Miriam and I are simple creatures. While we may have complex psyches, it doesn't take much to talk us down off the ledge. Bouquets of flowers, validating words, and Cheez-its come to mind. But the mood elixir of all elixir's for my sister and me is a dose of Jane Austen. After a chapter of her prose, we feel prettier. After watching a scene from Sense and Sensibility, we feel smarter. And somehow, after eating 3 dozen scones and clotted cream, we feel skinnier. It's magic. Now I admit that not that everything "Austen" is ideal. After all, empire waist dresses only look good on buxom trees, cravats are too hard to tie, and embroidering cushions as a past-time sounds about as fun as flossing.
But then there is everything else that makes Austenland so appealing. To me, Austenland is a place where guys are gentlemen, where eating is dining, where shuffling around the house is a "turn about the room," and where text messages are quill-written letters sealed with wax. I know I'm waxing delusional here by making Jane Austen's world sound like Disneyland without the loose morals, but I can't help but think that our female lives would be a measure better if we were a little more Jane and a little less jaded. "I hate to be hard on any of our sex, but there it is . . ."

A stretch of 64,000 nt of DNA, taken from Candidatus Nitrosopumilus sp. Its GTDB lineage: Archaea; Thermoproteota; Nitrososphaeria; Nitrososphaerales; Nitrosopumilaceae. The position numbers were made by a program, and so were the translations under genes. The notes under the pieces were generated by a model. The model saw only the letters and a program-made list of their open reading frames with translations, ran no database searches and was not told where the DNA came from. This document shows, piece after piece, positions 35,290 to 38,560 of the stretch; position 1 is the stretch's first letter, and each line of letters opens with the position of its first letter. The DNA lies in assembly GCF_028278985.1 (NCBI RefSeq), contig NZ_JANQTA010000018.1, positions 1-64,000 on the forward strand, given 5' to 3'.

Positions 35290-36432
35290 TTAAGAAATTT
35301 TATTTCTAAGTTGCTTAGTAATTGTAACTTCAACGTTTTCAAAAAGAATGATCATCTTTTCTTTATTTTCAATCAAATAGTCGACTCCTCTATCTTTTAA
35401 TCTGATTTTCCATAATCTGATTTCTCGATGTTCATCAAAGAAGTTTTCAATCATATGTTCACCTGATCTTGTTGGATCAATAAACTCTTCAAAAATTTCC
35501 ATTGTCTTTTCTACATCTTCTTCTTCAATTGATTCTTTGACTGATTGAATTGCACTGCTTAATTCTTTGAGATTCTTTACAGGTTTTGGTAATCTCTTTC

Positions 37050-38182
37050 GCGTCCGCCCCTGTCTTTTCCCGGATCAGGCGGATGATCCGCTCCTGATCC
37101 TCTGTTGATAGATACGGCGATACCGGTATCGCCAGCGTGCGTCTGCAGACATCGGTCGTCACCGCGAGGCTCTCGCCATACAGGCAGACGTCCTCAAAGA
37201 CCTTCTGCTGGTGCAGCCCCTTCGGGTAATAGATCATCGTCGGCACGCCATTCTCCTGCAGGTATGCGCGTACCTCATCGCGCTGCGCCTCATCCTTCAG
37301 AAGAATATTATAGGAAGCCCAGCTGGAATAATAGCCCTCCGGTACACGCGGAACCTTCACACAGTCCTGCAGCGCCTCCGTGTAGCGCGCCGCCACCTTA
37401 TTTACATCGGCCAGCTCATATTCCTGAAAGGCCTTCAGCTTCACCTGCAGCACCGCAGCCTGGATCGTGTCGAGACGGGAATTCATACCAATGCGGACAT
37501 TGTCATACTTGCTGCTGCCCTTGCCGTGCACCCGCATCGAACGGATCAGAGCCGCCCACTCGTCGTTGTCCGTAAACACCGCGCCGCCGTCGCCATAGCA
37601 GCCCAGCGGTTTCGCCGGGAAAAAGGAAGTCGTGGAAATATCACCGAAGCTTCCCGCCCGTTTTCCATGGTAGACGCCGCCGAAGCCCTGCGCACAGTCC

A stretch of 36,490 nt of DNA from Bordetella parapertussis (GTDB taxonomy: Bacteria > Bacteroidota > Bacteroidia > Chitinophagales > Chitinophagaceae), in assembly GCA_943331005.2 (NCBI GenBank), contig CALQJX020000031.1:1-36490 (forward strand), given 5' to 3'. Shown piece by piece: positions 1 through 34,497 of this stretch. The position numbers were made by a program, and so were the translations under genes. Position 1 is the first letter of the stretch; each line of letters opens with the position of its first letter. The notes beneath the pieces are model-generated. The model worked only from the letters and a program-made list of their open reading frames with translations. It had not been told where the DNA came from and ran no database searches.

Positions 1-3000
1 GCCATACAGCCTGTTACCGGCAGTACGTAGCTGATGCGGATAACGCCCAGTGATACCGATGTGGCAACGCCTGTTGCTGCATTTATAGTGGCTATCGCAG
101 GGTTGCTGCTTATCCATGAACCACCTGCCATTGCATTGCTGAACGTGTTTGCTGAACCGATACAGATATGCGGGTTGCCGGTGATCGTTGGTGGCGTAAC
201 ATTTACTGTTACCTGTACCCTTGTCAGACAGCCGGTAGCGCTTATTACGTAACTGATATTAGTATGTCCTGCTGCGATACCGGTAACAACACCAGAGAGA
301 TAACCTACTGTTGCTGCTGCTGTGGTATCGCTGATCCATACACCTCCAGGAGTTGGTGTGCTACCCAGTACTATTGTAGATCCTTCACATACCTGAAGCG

So here is our challenge to you (but mostly to ourselves). We are starting "The 30-Day Austen Experiment." In honor of the beloved author, from now until the end of February we will be incorporating at least one Austenesque thing into our day. It might be . . .
placing fresh flowers on the table,
calling on a friend,
taking a walk,
or slipping words like "melancholy" or "benevolence" into our daily conversation.
Whatever it is we choose to do, we will be telling you about it here. By the end of 30 days, we are hoping that our lives and yours will be a little bit gentler, a little bit softer, and a little bit happier than they were before. What better way to honor our dear Miss Austen than to use our womanly wiles for good?
"If things are going untowardly one month, they are sure to mend the next . . ." (from Emma, chapter 36).